A Junior Year “Good Student”

Junior Year is hard. I filled up my schedule with rigorous classes and engaging extracurriculars that leave little time to relax. While this is the most rewarding school year I’ve experienced, it’s the toughest too. Junior year is notoriously the year that gets you into college, and these colleges are allegedly on the hunt for “good students”, but with so many extracurricular opportunities and advanced learners, what even is a good student in this day and age?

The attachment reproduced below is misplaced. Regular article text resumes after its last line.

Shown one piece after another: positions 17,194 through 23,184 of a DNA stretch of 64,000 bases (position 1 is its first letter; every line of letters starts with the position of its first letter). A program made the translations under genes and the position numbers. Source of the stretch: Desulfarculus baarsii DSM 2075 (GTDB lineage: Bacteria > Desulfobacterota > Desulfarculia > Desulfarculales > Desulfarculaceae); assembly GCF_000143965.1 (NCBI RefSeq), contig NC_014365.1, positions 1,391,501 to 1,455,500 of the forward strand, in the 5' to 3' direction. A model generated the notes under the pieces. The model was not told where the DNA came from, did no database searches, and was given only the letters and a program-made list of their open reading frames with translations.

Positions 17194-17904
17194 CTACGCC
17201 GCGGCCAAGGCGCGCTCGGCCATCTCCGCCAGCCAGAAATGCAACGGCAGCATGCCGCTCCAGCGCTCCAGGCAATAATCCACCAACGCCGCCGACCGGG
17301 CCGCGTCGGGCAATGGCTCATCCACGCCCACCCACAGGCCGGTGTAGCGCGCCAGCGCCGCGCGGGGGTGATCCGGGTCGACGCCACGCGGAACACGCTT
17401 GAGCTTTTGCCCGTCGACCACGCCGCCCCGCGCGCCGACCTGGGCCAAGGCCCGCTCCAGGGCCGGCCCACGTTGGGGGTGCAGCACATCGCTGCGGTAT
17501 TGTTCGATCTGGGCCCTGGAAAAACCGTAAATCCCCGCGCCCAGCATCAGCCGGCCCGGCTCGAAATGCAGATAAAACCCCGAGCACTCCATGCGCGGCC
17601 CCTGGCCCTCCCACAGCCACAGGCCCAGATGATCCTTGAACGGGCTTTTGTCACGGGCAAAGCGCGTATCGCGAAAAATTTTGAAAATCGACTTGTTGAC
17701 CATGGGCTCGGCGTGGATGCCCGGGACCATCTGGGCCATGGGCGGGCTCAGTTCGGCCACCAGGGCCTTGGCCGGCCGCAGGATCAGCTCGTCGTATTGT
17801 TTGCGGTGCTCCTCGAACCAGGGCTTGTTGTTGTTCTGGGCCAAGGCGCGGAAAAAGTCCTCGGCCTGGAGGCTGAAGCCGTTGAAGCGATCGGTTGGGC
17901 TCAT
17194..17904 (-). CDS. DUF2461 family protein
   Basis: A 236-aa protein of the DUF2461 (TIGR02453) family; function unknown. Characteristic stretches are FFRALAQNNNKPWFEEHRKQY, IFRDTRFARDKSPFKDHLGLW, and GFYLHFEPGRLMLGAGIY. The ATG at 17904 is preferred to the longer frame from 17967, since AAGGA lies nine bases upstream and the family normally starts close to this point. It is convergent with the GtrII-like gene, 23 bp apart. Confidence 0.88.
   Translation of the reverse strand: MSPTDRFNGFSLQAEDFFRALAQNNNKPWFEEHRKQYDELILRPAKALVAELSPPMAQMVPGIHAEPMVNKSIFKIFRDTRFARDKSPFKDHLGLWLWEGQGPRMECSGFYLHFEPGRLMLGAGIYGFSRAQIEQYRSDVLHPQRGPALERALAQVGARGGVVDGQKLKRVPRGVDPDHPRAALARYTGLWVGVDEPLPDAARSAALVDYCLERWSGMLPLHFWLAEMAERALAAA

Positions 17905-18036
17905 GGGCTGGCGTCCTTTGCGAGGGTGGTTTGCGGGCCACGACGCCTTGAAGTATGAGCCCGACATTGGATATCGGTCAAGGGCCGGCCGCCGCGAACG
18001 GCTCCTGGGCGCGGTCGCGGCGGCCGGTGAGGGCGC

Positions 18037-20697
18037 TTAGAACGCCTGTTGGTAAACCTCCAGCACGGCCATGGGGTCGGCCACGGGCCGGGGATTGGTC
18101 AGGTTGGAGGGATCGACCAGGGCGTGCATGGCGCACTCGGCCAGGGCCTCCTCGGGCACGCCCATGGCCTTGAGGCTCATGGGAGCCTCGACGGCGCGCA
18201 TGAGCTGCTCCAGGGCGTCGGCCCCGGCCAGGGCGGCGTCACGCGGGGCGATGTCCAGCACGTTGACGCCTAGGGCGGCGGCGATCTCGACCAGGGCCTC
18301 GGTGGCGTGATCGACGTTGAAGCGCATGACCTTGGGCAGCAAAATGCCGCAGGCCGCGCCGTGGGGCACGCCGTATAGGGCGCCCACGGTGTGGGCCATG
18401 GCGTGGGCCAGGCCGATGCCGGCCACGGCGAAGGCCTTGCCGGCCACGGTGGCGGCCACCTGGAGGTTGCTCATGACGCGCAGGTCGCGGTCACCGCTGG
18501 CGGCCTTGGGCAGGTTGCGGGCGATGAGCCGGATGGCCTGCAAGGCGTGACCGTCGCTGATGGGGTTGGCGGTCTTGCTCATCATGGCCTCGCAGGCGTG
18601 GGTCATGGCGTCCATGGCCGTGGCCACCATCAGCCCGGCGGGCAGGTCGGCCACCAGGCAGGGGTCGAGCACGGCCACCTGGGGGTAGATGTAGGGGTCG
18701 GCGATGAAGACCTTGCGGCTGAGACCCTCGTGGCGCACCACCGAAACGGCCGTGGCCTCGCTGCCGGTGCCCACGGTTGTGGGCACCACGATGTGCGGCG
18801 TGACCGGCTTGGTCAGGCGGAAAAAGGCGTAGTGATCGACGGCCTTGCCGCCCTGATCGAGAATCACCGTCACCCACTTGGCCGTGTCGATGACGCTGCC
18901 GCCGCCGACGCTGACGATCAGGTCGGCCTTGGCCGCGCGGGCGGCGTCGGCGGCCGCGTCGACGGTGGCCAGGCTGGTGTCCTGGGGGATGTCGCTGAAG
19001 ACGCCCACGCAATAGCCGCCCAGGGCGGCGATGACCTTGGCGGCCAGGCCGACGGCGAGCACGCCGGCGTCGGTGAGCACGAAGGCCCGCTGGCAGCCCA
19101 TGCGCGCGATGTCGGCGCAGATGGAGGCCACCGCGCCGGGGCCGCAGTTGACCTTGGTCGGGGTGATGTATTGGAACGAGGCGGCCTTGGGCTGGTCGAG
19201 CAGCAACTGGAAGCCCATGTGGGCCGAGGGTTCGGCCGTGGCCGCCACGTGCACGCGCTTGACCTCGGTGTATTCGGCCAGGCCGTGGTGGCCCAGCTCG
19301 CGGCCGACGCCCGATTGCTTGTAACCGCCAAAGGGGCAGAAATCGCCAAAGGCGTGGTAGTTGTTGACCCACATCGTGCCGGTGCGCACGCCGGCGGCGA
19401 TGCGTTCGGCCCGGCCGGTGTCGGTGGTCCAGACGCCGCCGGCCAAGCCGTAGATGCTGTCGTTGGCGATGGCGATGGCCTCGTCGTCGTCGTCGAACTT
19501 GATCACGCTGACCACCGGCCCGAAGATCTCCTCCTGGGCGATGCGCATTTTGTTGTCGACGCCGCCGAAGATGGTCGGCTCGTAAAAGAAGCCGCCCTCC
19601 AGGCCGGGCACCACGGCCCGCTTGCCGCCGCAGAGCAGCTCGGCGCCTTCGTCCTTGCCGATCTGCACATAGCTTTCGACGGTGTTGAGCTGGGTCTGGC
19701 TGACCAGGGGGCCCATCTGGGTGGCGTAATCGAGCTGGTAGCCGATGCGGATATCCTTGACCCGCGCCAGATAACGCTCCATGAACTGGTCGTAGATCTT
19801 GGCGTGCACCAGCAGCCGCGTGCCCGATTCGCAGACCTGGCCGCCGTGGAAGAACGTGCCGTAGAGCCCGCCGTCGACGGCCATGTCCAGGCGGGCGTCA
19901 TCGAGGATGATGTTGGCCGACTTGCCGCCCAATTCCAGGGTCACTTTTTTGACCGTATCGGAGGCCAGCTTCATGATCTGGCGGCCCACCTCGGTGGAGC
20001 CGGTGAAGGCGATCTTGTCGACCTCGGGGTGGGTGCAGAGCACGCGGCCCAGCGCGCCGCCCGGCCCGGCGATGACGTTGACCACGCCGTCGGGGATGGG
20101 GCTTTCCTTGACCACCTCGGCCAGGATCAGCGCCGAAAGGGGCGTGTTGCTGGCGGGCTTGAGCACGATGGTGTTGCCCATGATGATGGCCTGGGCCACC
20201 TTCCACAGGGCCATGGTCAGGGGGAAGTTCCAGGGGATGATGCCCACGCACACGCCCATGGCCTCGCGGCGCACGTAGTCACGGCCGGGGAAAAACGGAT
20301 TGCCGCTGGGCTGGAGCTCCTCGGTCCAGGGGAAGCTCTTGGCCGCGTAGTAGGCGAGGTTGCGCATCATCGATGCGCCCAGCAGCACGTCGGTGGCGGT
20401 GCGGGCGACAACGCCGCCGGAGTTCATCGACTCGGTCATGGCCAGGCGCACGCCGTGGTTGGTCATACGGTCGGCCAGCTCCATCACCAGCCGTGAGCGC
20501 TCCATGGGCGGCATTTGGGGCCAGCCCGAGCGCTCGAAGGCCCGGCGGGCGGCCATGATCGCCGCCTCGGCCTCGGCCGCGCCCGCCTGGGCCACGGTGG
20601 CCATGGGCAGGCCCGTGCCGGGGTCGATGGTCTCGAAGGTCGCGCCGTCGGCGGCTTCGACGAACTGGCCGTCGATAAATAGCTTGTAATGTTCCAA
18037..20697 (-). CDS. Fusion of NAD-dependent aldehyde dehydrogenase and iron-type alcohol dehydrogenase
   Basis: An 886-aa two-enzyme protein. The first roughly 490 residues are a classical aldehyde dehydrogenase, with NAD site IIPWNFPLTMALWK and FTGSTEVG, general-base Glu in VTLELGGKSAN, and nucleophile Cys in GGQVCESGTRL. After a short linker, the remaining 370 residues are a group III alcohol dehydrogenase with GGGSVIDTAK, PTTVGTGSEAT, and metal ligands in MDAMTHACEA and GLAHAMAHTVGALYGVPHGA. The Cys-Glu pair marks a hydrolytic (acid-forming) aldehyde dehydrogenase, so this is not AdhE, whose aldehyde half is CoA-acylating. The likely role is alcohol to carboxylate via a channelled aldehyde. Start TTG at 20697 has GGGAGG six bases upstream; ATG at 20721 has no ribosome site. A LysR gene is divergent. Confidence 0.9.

Honestly, I have absolutely no idea what a “good student” means to me. I’m sure I should be saying that “owning your knowledge” or “following your passions” makes you a good student but I don’t even remotely live by those principles. At the beginning of my junior year, I made a goal to commit to delving deep into the curriculum and not merely getting by, but two months later and here I am, writing this post with hours of homework ahead of me after working on extracurricular projects and ACT all weekend. Don’t get me wrong I do try to go beyond memorization and often ask questions and do further research to expand my knowledge beyond the classroom curriculum. I’m a sucker for a good Crash Course video on yesterday’s EURO topic or a Wikipedia search on today’s author in LANG. I’m certainly engaged in class and strive to display understanding through work and participation. Additionally, my extracurriculars and endeavors mirror my passion for helping others, writing, travel, international relations, politics, and sleep. I’ve been successful in my goal to use everyday experiences and interests to cultivate productive extracurriculars like this blog or my involvement in Coalition Z (A youth-led political organization). These traits are what many would classify as those of a “good student” and I wish they were what I valued most, but I can’t say that with true conviction. These skills might get me credit from my parents, teachers, and peers but in the grand scheme of things, the system that evaluates me as I step towards higher education looks most closely at THEIR definition of a “good student”. Wouldn’t it make sense for me to value that same definition? There’s a correlation between my gpa and ACT score sitting at the top of my resume and my grades page on Schoology always being open on my computer. The higher education system values first and foremost those numbers they see at the top of the page. They do get a small window into what kind of student I am through recommendations and essays, and I’m hopeful that those will paint me in a positive light and give me an extra push through the door. However, I need to be the “good student” that colleges define quantitatively to even open that door. At most schools I hope to matriculate at, there are universally accepted benchmarks to even be considered. What I’m trying to say is that I recognize that a “good student” cares more about what they take away from their education rather than their grade, but I can’t in good conscience fully adopt that “redefined” definition. Until the higher education system changes to accommodate this definition, I’m going to keep believing in and striving to be their idea of a “good student” because that’s what I’ve been taught all my life,  and doesn’t a “good student” put their educators’ advice into practice?

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